5.27.2010

A Letter from the Students to Ed Esche & the Board of Governors (at Middlesex

_______________This letter speaks for itself. The letter  it refers can be found in the comments section at the Save Middlesex Philosophy wordpressblog.
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Dear Professor Esche, Thank you for your letter. However, we feel that it does not adequately address the issues we have collectively raised. Beyond the alleged facts governing your reasons for closure, which we have reason to dispute, we are concerned at your lack of engagement with the issues raised by this campaign: the incongruity between your decision and the world-class status of the centre, and its contribution not only to the reputation of the University but to the intellectual and academic arena at large; the status and aim of University education beyond issues of revenue; and most importantly, the irreversibly damaging effects that your decisions are indubitably having on the reputation of the University, and on the staff and students who continue to work there. As we do not accept the justifications you have provided for the closure of the philosophy department, and have good reason to believe that not one of them would hold up to scrutiny, we remain undeterred in our demand for a reversal of the closure. We furthermore vehemently oppose the targeted suspension of members of the department, staff and students, who have taken proportionate and legitimate actions to protest the decision, and we demand their immediate reinstatement. The allegations of illegality that you have made against those taking part in the occupation are serious enough in themselves without the added damage caused by your recent suspension of staff and students- an action that has only served to fuel the support of the campaign. More devastatingly, these suspensions have also sparked an international petition to boycott the University – a movement that our external examiners have already joined – and which will result in the greylisting of the University. We believe that greylisting is a justified response to your unjustified and disproportionate decision to suspend students and staff. However, the consequences of these developments- particularly for the current MA and PhD students who rely on this particular component of external supervision, but also for the entire student body in terms of the compromised standing of a qualification from the University- will be disastrous, and will explicitly contradict your insistence on our continued study (a contradiction that has already been effected by your imposition of measures to monitor the communication our supervisors have with us). We therefore strongly demand that you immediately withdraw all suspensions. With respect to the background you have given for your decision, we are concerned at the lack of proportion between the facts and figures Management have presented, and their decision to terminate the entire department- a disproportion that signals a total rejection of Management’s supposed intention to negotiate workable solutions with the staff. On this level, your failure to mention in your letter the proposed reconsideration of recruitment of part-time MA students- a reconsideration you offered at a meeting with students only two weeks ago- seems particularly symptomatic. In addition, your criticism of Philosophy’s failure to attract “a broader range of funding sources” beyond its central measure of excellence, the RAE, highlights a serious misrecognition of the very profile of the Centre, within which sources such as “continuing professional development, consultancy and other areas of knowledge transfer”, simply have no place. Finally, some of your particular allegations, including that of serious assault to staff during the occupation, remain entirely unsubstantiated and indicate to us nothing other than desperate misrepresentations aimed at stifling a legitimate form of protest. The oversights and inaccuracies present in your letter testify to a disposition that seems to us adverse to any form of negotiation, and merely reinforces our collective dissatisfaction and our demands. We will therefore continue to protest your decision to close the department, to suspend tutors and to victimise students, until you rectify this regrettable situation. Your failure to do so will result- and is already resulting- in serious damaging consequences to the reputation of Middlesex University. If your ongoing mismanagement continues, the only honourable thing for you to do will be to tender your resignation. Yours sincerely,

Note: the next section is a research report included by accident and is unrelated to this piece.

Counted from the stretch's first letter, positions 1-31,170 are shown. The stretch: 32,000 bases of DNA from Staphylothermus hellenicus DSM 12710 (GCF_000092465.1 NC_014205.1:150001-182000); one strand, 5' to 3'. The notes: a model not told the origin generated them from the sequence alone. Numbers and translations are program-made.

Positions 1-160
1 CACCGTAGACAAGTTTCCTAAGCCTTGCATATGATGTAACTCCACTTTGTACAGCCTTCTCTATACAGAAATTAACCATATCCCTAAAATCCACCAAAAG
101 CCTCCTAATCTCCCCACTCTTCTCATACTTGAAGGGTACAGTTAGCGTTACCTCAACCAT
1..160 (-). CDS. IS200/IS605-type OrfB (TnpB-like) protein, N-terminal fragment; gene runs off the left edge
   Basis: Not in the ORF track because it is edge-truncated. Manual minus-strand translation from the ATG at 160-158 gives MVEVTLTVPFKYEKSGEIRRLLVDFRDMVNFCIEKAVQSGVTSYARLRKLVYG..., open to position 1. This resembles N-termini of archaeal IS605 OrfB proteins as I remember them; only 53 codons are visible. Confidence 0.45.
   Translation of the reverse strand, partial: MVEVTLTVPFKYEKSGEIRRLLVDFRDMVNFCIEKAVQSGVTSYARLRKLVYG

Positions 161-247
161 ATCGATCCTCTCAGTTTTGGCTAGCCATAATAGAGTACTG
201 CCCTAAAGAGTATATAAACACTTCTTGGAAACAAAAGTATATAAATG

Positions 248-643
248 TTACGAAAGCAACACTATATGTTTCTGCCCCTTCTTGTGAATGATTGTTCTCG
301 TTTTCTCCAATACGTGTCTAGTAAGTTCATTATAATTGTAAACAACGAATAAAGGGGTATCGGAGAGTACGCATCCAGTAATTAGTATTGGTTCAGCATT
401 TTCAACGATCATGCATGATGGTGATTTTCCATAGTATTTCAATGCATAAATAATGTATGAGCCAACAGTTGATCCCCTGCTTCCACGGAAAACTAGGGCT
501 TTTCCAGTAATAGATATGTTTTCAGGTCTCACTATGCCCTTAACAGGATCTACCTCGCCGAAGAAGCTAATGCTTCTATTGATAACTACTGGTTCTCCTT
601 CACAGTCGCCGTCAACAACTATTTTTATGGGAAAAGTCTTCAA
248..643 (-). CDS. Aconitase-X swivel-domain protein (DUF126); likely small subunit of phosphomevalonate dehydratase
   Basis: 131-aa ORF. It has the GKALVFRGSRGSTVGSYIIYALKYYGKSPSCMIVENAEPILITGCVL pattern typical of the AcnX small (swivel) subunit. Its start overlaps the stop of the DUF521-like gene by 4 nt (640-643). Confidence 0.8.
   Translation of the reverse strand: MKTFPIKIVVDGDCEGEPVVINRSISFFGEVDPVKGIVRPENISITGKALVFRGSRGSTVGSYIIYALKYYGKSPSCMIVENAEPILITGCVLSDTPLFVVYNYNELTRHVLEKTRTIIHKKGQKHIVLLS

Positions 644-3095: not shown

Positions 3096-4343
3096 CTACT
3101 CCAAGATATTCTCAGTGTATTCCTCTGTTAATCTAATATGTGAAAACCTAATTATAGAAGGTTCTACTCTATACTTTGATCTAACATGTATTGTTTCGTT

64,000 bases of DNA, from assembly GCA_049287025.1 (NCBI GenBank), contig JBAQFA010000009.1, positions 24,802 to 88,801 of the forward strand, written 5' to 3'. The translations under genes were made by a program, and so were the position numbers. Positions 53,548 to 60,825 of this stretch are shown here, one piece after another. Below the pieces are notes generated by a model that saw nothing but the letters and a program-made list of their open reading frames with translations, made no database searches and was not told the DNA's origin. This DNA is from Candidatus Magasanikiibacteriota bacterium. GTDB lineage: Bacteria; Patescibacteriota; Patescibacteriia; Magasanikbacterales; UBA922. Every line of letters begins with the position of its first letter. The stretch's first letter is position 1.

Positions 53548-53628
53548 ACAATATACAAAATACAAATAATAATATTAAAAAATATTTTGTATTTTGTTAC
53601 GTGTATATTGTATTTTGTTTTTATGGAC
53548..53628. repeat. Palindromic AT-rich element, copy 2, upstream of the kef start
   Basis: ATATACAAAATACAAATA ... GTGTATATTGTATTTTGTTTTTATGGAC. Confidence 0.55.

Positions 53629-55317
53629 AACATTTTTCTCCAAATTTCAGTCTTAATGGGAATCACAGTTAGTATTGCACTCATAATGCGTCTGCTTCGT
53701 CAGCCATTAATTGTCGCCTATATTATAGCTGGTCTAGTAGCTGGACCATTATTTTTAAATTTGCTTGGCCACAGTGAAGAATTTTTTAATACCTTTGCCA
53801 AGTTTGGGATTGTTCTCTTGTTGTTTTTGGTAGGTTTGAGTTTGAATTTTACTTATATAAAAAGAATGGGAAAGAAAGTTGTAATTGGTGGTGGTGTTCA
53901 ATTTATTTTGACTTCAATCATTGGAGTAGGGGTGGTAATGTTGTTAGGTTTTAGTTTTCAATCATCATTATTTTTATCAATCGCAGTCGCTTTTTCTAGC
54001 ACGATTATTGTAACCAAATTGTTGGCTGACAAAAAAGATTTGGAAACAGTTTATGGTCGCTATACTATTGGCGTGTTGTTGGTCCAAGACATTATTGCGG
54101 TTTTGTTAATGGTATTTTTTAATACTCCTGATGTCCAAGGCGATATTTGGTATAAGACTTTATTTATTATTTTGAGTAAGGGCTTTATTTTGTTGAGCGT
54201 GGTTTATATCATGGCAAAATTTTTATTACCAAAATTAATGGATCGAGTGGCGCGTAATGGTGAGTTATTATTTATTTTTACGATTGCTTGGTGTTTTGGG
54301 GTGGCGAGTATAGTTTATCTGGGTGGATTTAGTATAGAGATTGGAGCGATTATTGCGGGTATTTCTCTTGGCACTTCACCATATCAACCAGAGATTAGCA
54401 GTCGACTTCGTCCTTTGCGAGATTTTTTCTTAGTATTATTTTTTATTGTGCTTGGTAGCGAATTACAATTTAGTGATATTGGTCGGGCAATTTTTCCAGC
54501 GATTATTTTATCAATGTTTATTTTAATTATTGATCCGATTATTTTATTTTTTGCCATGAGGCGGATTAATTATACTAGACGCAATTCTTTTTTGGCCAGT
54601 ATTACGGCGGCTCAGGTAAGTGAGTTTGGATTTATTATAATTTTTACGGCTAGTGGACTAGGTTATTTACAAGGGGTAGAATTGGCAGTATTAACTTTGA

The Students

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The letter  it refers can be found in the comments section at the Save Middlesex Philosophy wordpressblog.